Do you ever visit a website and wonder how it got all of those “widgets” to work? The booking form, the calendar, or even the weather display? Many people assume that these kinds of bells and whistles require a web developer to put in place. But these days it’s usually as simple as copying and pasting some text. Taking advantage of these tools can engage your visitors, offer valuable insights, and make a simple site much more functional.
Applications that are embedded into the body of websites are called widgets. Widgets come in many forms: clocks, currency converters, video players, contact forms, slideshows, search fields, etc. A widget adds functionality to your site by outsourcing the development of the application to a coder, instead of every site owner having to program it themselves. Many widgets are free or work on a freemium model.
When we talk about these kinds of website tools, we usually talk about both widgets and plugins. Knowing which one is which isn’t as important as knowing that you can pretty easily put them to use on your site. In this post I’ll go over some of my favorites and hopefully convince you to give them a try.
Anyone can install a widget for their website—really!
Each tool differs slightly, but typically after customizing your widget on the widget-maker’s website, you will be provided with some HTML code and directions for where to put it on your site. A block of code might seem intimidating at first, but you’ll quickly realize that a simple copy and paste is all that’s necessary because the widget-builders have already done the hard work for you.
- If you’re using a website builder like Jimdo, you’ll want to find the Widget/HTML element that allows you to paste raw HTML. Simply paste the widget code into this element and your widget will be displayed.
- If the widget or plugin calls for code to be pasted into the head of your site, you can find the appropriate field to paste this code under Settings > Website > Edit Head.
- To embed the widget onto a specific page, add the Widget/HTML element precisely where you want the widget to appear, then paste the code into the element’s text field.
My top website widget picks
With all of the available website tools around, it can be difficult to decide which ones to take advantage of. There’s an extensive list of widgets and tools in our support center, but allow me to offer a few recommendations.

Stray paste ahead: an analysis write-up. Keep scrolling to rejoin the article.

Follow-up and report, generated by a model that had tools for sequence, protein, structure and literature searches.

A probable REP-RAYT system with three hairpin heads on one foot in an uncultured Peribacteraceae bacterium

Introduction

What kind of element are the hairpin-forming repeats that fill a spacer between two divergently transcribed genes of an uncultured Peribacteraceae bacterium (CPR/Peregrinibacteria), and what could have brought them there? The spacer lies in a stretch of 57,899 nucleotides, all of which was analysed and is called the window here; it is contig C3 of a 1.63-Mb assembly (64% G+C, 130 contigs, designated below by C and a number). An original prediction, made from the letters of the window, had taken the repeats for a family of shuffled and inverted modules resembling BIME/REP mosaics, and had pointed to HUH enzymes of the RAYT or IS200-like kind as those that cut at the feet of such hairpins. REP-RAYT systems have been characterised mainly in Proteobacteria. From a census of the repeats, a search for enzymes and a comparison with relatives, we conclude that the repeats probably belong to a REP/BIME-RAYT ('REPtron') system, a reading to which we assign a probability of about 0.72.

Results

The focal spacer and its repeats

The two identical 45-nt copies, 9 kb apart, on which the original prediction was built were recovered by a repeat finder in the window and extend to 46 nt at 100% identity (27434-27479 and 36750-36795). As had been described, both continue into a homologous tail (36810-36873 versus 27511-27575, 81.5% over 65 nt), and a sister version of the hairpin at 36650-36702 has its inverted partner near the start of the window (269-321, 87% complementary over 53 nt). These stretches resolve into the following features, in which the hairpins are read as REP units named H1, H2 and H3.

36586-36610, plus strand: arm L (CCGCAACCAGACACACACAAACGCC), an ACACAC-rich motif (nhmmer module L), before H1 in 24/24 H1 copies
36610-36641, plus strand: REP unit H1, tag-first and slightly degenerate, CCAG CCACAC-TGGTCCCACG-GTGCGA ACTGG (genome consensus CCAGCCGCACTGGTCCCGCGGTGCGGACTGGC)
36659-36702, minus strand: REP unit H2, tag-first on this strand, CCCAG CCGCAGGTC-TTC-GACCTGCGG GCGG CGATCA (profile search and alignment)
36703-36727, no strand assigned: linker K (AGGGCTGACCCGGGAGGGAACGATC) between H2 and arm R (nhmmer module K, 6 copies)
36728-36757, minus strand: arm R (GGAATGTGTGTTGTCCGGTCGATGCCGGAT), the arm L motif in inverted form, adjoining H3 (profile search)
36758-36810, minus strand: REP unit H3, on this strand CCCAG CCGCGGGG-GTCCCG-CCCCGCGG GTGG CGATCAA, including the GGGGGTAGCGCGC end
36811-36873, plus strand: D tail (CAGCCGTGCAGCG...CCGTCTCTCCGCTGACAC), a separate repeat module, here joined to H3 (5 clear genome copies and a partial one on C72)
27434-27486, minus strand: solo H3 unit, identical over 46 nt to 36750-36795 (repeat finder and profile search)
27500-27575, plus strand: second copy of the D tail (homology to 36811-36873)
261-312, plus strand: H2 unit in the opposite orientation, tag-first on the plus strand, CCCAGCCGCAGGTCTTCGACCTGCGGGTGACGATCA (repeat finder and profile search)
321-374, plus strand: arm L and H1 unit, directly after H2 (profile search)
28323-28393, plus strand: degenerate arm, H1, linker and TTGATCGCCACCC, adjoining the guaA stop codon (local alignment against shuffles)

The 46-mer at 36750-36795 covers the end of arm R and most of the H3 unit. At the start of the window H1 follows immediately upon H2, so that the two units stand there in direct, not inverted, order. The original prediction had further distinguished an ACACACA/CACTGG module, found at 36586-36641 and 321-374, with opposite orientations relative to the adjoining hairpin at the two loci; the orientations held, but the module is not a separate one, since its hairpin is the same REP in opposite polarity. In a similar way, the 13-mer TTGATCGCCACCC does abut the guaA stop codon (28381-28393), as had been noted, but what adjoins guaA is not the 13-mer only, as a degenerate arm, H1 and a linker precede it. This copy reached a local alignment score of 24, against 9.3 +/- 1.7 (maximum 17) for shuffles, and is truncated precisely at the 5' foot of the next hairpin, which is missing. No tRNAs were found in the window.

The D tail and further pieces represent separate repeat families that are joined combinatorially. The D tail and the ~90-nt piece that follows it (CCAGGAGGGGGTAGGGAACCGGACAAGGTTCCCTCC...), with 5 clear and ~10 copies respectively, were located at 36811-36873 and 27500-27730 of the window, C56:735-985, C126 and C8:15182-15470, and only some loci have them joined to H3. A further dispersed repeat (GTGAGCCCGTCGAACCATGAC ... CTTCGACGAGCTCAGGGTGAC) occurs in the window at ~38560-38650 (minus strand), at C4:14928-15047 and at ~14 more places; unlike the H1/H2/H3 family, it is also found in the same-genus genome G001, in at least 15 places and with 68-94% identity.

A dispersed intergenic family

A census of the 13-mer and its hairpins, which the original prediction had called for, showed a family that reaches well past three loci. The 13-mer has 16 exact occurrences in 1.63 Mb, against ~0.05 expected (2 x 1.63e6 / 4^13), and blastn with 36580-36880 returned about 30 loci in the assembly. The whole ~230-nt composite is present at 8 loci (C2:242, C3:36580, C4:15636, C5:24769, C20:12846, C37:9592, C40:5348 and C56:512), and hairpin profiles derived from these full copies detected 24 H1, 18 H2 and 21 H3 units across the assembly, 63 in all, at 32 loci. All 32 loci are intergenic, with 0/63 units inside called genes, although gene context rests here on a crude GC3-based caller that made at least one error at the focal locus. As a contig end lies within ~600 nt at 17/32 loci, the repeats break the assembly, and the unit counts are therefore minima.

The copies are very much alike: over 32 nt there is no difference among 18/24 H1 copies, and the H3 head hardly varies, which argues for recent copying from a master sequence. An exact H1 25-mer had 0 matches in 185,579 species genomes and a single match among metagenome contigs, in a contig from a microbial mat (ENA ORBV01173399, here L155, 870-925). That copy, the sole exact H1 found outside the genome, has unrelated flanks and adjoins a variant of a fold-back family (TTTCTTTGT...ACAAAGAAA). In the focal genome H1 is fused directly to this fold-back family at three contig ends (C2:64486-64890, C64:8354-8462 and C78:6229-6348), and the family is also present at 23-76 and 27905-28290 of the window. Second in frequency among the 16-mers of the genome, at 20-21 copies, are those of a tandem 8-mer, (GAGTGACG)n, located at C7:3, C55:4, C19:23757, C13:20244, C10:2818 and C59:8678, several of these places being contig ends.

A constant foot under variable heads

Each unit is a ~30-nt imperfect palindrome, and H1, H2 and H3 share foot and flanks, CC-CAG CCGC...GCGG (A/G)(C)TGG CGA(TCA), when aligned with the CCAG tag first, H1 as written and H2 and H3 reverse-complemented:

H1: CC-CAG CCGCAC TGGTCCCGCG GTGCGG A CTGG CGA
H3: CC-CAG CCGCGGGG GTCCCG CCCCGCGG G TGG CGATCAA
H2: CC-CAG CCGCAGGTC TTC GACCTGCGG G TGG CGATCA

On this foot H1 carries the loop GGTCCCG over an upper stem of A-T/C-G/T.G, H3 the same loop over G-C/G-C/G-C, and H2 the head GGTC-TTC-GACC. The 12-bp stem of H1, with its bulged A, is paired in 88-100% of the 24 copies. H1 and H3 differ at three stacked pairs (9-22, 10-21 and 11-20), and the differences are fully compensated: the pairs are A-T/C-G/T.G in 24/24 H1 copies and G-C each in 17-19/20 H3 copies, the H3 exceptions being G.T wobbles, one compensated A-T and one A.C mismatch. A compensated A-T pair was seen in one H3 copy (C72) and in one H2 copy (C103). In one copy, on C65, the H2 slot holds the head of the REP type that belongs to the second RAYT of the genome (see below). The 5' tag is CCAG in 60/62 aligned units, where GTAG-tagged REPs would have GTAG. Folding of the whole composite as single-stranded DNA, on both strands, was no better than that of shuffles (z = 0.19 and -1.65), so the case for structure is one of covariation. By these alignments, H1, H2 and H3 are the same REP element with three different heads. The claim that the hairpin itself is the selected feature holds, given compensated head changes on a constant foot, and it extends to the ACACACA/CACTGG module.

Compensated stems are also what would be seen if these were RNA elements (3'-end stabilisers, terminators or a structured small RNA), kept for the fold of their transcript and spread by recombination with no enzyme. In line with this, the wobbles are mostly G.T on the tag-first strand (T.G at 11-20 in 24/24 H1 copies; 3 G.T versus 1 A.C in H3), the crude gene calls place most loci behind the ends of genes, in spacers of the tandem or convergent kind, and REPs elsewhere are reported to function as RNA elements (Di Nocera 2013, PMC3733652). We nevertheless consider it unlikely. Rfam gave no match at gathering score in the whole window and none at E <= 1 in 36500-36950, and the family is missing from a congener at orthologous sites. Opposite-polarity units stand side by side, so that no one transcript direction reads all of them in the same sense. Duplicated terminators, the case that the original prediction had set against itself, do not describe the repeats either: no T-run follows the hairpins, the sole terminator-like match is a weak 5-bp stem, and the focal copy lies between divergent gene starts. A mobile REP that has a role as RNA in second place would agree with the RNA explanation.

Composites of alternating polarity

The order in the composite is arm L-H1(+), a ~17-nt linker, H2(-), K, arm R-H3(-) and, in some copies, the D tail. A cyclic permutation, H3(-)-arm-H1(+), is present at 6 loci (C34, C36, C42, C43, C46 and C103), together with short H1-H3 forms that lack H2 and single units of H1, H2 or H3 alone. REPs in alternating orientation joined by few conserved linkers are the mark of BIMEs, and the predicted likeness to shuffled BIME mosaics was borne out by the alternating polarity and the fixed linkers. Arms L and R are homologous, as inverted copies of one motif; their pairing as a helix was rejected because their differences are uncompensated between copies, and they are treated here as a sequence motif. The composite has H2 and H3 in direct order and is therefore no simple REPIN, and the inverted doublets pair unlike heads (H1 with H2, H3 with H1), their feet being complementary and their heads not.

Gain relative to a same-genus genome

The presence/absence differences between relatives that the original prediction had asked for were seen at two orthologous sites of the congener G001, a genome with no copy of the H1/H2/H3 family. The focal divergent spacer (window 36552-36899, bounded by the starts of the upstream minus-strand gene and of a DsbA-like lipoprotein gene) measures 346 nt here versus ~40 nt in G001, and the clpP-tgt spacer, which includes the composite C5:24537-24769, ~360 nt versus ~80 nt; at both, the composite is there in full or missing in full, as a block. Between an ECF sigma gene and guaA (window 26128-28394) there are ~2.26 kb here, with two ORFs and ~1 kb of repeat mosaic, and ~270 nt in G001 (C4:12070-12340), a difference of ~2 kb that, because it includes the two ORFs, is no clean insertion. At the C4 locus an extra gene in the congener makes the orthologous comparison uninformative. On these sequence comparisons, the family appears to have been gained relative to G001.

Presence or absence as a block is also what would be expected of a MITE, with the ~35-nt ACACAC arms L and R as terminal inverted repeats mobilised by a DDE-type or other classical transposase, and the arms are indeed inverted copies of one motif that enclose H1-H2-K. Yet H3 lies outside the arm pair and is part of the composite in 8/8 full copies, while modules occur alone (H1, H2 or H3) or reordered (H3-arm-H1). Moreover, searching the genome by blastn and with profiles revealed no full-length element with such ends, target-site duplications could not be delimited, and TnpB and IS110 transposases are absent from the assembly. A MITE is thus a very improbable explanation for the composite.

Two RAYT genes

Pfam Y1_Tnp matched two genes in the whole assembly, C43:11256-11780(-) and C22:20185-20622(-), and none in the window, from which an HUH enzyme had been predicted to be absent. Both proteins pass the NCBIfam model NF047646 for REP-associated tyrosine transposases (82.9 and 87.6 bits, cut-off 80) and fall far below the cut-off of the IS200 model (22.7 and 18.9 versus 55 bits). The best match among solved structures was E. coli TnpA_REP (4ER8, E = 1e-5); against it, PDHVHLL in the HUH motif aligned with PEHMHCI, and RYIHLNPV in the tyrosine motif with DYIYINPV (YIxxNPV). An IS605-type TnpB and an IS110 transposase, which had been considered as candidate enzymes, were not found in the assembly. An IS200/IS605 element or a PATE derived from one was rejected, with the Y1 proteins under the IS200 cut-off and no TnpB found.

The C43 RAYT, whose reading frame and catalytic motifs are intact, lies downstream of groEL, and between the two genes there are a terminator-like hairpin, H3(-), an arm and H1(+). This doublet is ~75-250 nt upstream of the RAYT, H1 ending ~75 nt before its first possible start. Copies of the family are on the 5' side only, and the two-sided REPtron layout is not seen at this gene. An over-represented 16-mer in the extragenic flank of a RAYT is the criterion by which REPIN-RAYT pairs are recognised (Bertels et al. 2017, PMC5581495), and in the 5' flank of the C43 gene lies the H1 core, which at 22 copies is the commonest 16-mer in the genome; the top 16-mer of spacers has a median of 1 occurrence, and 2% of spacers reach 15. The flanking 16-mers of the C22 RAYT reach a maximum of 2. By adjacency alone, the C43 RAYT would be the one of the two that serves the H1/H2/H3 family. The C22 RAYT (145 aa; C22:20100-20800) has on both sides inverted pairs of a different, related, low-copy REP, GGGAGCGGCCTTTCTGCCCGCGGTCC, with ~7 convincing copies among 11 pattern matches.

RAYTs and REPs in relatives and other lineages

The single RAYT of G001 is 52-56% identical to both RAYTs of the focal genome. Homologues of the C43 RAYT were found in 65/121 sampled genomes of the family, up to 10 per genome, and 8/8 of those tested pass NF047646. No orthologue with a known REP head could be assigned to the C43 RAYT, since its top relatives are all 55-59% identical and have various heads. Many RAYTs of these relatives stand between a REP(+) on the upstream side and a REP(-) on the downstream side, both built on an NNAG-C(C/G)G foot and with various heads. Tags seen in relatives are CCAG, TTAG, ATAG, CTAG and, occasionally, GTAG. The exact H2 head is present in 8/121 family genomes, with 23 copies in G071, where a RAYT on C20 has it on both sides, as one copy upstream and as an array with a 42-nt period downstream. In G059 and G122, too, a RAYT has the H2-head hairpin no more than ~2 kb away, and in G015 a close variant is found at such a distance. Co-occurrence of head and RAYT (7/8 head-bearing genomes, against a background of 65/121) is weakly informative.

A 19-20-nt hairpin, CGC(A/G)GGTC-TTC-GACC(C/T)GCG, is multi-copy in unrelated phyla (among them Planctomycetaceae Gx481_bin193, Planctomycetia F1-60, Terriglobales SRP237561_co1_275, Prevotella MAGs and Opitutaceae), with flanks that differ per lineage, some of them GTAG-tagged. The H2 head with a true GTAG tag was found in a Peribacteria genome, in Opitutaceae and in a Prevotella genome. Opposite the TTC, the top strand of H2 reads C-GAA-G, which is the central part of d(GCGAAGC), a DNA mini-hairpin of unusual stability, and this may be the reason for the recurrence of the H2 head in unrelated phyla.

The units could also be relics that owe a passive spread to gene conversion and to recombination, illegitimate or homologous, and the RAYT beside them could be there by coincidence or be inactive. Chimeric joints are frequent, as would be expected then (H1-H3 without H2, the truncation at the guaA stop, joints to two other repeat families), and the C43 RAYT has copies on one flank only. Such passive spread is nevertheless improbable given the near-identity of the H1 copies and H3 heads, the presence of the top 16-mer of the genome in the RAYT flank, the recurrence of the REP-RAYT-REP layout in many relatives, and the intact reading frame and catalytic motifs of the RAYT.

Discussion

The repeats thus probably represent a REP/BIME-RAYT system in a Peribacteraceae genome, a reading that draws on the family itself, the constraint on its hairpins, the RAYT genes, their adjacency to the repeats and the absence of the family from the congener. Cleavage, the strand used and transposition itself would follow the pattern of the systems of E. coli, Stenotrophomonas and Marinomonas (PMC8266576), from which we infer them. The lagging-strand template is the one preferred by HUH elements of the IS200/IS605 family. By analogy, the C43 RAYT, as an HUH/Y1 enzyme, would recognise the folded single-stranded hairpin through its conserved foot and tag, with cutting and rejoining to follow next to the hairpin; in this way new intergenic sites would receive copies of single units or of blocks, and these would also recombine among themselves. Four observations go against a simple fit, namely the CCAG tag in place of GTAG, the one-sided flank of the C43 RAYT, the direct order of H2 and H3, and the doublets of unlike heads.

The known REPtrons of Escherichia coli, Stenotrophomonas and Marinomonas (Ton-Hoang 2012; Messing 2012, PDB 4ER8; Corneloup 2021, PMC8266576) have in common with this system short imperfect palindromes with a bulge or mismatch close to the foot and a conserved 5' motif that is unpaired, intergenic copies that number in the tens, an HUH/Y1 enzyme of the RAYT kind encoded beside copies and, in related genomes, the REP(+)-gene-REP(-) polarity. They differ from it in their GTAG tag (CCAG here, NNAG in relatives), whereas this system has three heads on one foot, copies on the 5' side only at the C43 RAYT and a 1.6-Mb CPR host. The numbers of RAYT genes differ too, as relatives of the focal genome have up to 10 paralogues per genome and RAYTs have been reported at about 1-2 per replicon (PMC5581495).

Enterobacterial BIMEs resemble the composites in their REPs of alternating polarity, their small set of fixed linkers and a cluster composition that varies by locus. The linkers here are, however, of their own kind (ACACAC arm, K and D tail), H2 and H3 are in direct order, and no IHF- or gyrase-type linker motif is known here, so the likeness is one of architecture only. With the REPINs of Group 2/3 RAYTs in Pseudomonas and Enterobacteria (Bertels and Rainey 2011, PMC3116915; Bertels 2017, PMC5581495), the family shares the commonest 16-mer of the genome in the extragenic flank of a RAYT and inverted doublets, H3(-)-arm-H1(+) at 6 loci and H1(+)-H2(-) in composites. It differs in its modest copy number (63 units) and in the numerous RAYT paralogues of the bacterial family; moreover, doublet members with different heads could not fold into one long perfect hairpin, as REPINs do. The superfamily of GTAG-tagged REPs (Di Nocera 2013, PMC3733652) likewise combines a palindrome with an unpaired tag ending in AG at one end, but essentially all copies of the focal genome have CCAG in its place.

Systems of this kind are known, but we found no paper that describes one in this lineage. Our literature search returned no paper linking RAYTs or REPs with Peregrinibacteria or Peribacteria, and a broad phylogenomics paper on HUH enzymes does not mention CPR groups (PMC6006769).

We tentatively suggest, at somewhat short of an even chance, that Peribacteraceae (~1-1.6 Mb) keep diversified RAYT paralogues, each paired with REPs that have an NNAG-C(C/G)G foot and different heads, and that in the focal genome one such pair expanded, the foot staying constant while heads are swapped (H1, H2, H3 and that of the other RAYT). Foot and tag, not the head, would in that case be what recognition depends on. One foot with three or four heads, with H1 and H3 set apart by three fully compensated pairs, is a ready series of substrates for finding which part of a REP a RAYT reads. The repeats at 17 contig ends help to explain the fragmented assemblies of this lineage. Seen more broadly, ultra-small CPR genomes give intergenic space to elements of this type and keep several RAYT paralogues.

Something to keep in mind: make sure you’re not adding widgets for the sake of adding widgets. Widgets can do a lot, but they can’t compensate for a poorly designed site, so make sure your website itself is strong before adding a lot of widgets. You’ll want to keep your site free of clutter, and it’s certainly easy to get out of hand with so many useful widgets available.
It’s no secret that email marketing is a cost-effective way of increasing conversion, sales, and brand awareness for your business, so definitely take advantage of it with either MailChimp or INinbox. Both services provide similar features including contact management, automation, templates, and analytics. When you sign up for either MailChimp or INinbox, you’re provided with a campaign management dashboard and the necessary code to embed a signup form onto your site.
If your website needs a slideshow, give PhotoSnack a try. PhotoSnack provides an easy way to embed mobile-friendly slideshows on your website. It can upload photos from your Facebook, Flickr, and Instagram accounts, or you can use it to show off a portfolio of your work.
Floating social media buttons are a stylish way to encourage sharing, which is why we use them on the Jimdo Blog. There are lots of services that offer various designs, but AddThis is a great option. With a simple copy and paste, you can have floating social media buttons or sidebars on every page of your website.